Jeffrey Johnson is a legal writer with a focus on personal injury. He has worked on personal injury and sovereign immunity litigation in addition to experience in family, estate, and criminal law. He earned a J.D. from the University of Baltimore and has worked in legal offices and non-profits in Maryland, Texas, and North Carolina. He has also earned an MFA in screenwriting from Chapman Univer...

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UPDATED: May 15, 2014

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An increasingly embattled General Motors made headlines last month, this time for the right reasons, when the Chevrolet Equinox/GMC Terrain SUV topped the most-recent Insurance Institute for Highway Safety crash ratings. GM, currently embroiled in a high-profile recall quagmire, likely welcomed the brief respite from the harsh spotlight of lawsuits and Congressional inquiries.

GM’s Ignition Switch Recall Damaged Reputation

Crash TestCurrently in the process of recalling over 2.6 million vehicles assembled with faulty ignition switches, the damage to GM’s brand is mounting. CEO Mary Barra was recently called before Congress to give testimony regarding how—and why—GM failed to remedy the ignition issues that have been a known problem since at least the mid-2000s. The ignition issues have caused at least 13 known deaths thus far.

IIHS Rates GM Equinox and Terrain Top Safety Pick

The IIHS ratings offer a stark contrast to GM’s current public profile, stating that “[w]hen it comes to mid-size SUVs, General Motors is showing the way forward.” The Equinox and Terrain, both similar vehicles, have been on the market since 2004 and 2009 respectively.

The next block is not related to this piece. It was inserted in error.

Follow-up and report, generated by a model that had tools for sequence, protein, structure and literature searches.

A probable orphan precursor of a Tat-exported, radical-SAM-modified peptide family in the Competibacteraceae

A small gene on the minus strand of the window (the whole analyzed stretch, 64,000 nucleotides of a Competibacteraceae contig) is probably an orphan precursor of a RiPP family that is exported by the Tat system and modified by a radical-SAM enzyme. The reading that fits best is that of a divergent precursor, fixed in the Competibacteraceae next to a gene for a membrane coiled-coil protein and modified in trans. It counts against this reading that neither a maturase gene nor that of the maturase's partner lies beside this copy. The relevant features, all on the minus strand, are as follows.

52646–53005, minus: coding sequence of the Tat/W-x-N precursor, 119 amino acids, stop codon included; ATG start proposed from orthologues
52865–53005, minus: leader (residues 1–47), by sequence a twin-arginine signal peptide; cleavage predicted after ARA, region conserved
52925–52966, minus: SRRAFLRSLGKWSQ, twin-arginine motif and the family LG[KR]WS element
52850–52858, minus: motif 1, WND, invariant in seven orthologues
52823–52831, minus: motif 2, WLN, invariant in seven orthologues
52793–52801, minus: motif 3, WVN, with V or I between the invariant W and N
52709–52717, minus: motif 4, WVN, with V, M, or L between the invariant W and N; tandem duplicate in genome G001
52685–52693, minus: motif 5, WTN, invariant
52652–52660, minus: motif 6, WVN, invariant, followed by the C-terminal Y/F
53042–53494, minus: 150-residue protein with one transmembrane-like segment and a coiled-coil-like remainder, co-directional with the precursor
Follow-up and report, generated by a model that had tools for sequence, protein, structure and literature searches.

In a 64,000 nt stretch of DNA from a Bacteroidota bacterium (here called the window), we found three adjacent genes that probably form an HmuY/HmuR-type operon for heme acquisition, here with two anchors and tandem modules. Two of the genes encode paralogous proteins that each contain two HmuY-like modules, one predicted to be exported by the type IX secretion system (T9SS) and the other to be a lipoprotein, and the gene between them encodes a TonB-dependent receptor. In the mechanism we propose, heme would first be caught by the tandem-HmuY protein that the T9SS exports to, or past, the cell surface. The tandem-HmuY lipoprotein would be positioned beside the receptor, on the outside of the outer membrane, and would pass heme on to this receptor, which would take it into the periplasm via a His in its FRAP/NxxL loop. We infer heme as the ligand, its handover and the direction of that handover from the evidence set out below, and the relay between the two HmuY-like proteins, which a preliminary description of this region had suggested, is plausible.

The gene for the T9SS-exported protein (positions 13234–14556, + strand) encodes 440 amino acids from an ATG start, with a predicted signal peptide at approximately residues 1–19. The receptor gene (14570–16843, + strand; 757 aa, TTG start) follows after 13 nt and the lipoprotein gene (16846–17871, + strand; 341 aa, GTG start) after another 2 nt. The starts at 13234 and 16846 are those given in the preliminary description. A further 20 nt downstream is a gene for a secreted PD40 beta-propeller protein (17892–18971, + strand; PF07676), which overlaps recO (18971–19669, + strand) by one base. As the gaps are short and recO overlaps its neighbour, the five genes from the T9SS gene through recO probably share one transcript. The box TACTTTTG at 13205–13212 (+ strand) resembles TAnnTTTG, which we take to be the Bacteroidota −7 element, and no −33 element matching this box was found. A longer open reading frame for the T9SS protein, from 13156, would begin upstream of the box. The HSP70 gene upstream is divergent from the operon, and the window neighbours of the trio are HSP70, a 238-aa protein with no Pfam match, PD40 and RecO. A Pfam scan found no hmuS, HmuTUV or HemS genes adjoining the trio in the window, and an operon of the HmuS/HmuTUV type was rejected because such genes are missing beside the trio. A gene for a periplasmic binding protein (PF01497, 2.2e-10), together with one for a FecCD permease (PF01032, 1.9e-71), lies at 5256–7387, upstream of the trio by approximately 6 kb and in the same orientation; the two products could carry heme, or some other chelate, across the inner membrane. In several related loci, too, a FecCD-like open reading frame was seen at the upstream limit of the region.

Given the rating of “Top Safety Pick +,” the GM vehicles scored marks higher than Honda, a perennial safety leader. The IIHS recently implemented a new “small overlap” test that is meant to mirror a situation where the driver’s side of a vehicle hits a stationary object. Modifications to the 2014 model year Equinox and Terrain resulted in high marks on this particularly demanding test. The Honda Pilot, which received the highest ratings possible in every test other than the small overlap test, was at the bottom of the IIHS list.

Top Safety Rating Comes At a Good Time

The IIHS ratings have very little real-world impact on any liability GM could possibly incur after a crash, but the PR bump couldn’t come at a better time. The company is reeling from the ignition recall troubles, and CEO Mary Barra performed less than admirably in front of Congress. As one of the companies involved in the high-profile auto industry bailout of 2009, GM is under pressure from all sides. Its corporate structure and compartmentalized nature is a source of great political debate, and its ability to produce safe, reliable cars has been called into question in a very public manner.

While GM engineers—and management—certainly seem to have dropped the ball on the Cobalt recall, it appears that the company is still capable of producing a safe, reliable and innovative vehicle.